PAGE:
Daisie Jo makes unique works of wearable art with the idea of leisurely life. Daisie Jo is a gorgeously colorful, quirky, and eco-friendly South African clothing brand that inspires us all to embrace our flaws and humanity by designing clothes that do just that. Fashion is an art form and a vehicle for expression, as evidenced by the striking silhouettes and flawless hand-painted and embroidered accents of this brand. Since each one-of-a-kind garment is handmade at Daisie Jo’s Karoo studio, there is no unnecessary waste or overproduction involved in the production of these timeless, true slow fashion items.
Tshepo Jeans is an ethical South African clothing brand that creates ready-to-wear denim. Tshepo Mohlala, the brand’s founder, was drawn to denim because it is enduring and versatile and because everyone has a story to share about their jeans. Mohlala is a third-generation storyteller. The firm purchases cotton from Zimbabwe, which is then colored in Japan using African-originating indigo dyeing methods. A small group of talented manufacturers and artisans manufacture the jeans on-site at their Johannesburg Atelier. All of the denim offcuts and leftovers are shredded and used to create fresh fabric and thread.
Streetwear now has a whimsical, fun feel thanks to this gender-neutral fashion brand. The provocative use of color and form in U Be You pushes us to view fashion as an artistic medium and supports and promotes a return to the guiding principle of dressing for yourself: if you enjoy it, you should wear it. Instead of using end-of-roll fabric that would normally go to waste, the business uses it to make its distinctive clothing.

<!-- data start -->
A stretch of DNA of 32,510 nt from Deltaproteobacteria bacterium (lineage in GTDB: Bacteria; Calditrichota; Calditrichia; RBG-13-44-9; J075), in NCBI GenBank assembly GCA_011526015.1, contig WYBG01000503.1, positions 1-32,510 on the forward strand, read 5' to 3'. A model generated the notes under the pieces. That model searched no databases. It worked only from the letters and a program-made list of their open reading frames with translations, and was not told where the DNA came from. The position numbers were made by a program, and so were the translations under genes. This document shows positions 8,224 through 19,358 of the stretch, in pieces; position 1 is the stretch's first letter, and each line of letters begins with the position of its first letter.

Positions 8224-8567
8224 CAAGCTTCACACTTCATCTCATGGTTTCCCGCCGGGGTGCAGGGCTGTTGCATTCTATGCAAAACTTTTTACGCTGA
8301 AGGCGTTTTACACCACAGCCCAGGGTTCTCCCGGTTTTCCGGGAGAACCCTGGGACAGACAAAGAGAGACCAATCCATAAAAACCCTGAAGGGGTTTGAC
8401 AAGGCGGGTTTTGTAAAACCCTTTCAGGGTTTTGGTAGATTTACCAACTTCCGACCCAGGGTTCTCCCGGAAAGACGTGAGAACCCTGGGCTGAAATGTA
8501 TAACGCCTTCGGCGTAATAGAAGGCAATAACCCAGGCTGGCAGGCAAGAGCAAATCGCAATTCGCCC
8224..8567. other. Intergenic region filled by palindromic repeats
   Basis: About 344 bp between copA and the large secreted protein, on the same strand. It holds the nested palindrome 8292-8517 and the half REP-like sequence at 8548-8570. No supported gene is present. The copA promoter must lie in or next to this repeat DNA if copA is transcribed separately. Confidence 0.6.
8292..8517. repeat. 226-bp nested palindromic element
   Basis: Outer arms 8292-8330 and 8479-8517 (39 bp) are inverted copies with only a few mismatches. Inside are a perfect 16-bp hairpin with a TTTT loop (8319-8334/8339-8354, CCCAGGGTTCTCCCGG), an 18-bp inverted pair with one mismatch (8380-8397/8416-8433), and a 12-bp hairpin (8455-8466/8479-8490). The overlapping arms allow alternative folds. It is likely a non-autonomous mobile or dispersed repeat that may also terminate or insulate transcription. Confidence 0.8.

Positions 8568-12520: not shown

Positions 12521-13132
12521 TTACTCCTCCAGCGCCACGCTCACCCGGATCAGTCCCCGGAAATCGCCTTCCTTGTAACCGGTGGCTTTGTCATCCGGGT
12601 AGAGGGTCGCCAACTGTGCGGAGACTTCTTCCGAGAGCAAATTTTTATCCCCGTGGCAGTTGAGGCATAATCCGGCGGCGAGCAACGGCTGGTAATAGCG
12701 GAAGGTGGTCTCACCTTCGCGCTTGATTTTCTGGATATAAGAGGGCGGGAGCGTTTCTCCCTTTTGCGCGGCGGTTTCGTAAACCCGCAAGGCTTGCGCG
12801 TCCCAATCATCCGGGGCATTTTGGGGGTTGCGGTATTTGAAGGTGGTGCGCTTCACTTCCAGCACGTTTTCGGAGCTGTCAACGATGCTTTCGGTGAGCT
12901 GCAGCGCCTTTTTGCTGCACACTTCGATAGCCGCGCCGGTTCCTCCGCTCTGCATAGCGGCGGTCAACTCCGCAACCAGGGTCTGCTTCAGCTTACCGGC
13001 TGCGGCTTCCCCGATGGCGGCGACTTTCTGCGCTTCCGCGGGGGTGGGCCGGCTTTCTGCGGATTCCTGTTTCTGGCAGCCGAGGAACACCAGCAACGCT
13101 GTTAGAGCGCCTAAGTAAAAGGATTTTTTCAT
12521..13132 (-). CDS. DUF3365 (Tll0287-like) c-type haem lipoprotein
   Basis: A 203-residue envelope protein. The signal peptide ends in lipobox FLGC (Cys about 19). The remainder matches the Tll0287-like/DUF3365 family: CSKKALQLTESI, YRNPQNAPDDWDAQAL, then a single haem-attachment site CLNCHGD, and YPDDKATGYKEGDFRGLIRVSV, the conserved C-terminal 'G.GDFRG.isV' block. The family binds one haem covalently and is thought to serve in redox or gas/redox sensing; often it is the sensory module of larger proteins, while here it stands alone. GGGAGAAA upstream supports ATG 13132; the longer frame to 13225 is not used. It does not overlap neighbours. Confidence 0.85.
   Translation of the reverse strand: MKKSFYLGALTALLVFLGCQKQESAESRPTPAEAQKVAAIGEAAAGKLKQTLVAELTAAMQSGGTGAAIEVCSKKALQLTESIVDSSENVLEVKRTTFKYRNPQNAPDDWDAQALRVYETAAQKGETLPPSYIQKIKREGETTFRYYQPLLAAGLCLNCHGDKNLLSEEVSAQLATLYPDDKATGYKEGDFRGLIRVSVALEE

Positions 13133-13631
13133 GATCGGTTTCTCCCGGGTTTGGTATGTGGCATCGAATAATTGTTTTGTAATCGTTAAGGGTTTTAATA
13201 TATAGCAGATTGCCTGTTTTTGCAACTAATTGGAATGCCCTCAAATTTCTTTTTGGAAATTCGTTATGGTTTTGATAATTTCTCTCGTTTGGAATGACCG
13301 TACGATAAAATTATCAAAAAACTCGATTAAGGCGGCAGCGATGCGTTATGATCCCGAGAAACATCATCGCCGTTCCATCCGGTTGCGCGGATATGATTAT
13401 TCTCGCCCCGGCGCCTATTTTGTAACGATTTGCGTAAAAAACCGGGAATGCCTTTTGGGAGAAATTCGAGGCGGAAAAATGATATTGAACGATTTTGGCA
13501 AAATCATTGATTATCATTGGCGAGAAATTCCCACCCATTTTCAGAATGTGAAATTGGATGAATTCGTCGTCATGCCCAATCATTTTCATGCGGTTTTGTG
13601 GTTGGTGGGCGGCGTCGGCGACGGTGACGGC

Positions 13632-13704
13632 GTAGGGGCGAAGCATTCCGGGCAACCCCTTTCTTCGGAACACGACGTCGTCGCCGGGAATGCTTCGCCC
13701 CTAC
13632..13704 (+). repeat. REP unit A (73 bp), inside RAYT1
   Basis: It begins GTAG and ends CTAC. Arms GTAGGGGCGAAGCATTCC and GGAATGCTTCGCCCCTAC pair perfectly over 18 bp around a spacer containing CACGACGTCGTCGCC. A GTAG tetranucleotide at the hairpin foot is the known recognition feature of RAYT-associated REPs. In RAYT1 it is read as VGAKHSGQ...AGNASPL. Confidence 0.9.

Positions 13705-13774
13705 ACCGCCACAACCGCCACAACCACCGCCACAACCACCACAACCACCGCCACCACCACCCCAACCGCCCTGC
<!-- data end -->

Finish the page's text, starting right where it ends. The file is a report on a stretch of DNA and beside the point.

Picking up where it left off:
In Cape Town’s impoverished areas, these women from Research Unit produce upscale basics using sustainable manufacturing methods. For this South African sustainable apparel company, time spent on research and development is essential. They are able to produce clothing thanks to this methodical, deliberate approach that emphasizes design, innovation, waste reduction, and community empowerment. They think that giving back to their town and preserving its industries and talents must be among the best ways to practice sustainability. Research Unit has also put together a care guide for their clothing to ensure their durability.
Nuun bills itself as an “eco-conscious concept space” and was founded by the mother-and-son team: Zainab and Shaheed Martin. This is a fitting description given that this South African slow fashion company is constantly searching for new ways to address sustainability issues while creating the highest-quality clothing. Nuun’s design philosophy is centered on using locally and ethically produced materials and creating concepts that are sensitive to the environment and have a beneficial social impact. In addition to honoring cultural traditions, Nuun has also been focused on establishing a line of classic essentials.
Uni Form, via its founder, Luke Radloff makes modular, trans-seasonal items with exaggerated silhouettes out of predominantly natural textiles with a priority on quality. The Uni Form fashion brand encourages partnerships that help build a future of sustainable fashion during the production and process. The Wren Design and Barrydale Weavers, two design firms investigating sustainable production in South Africa, are two examples of such collaborations.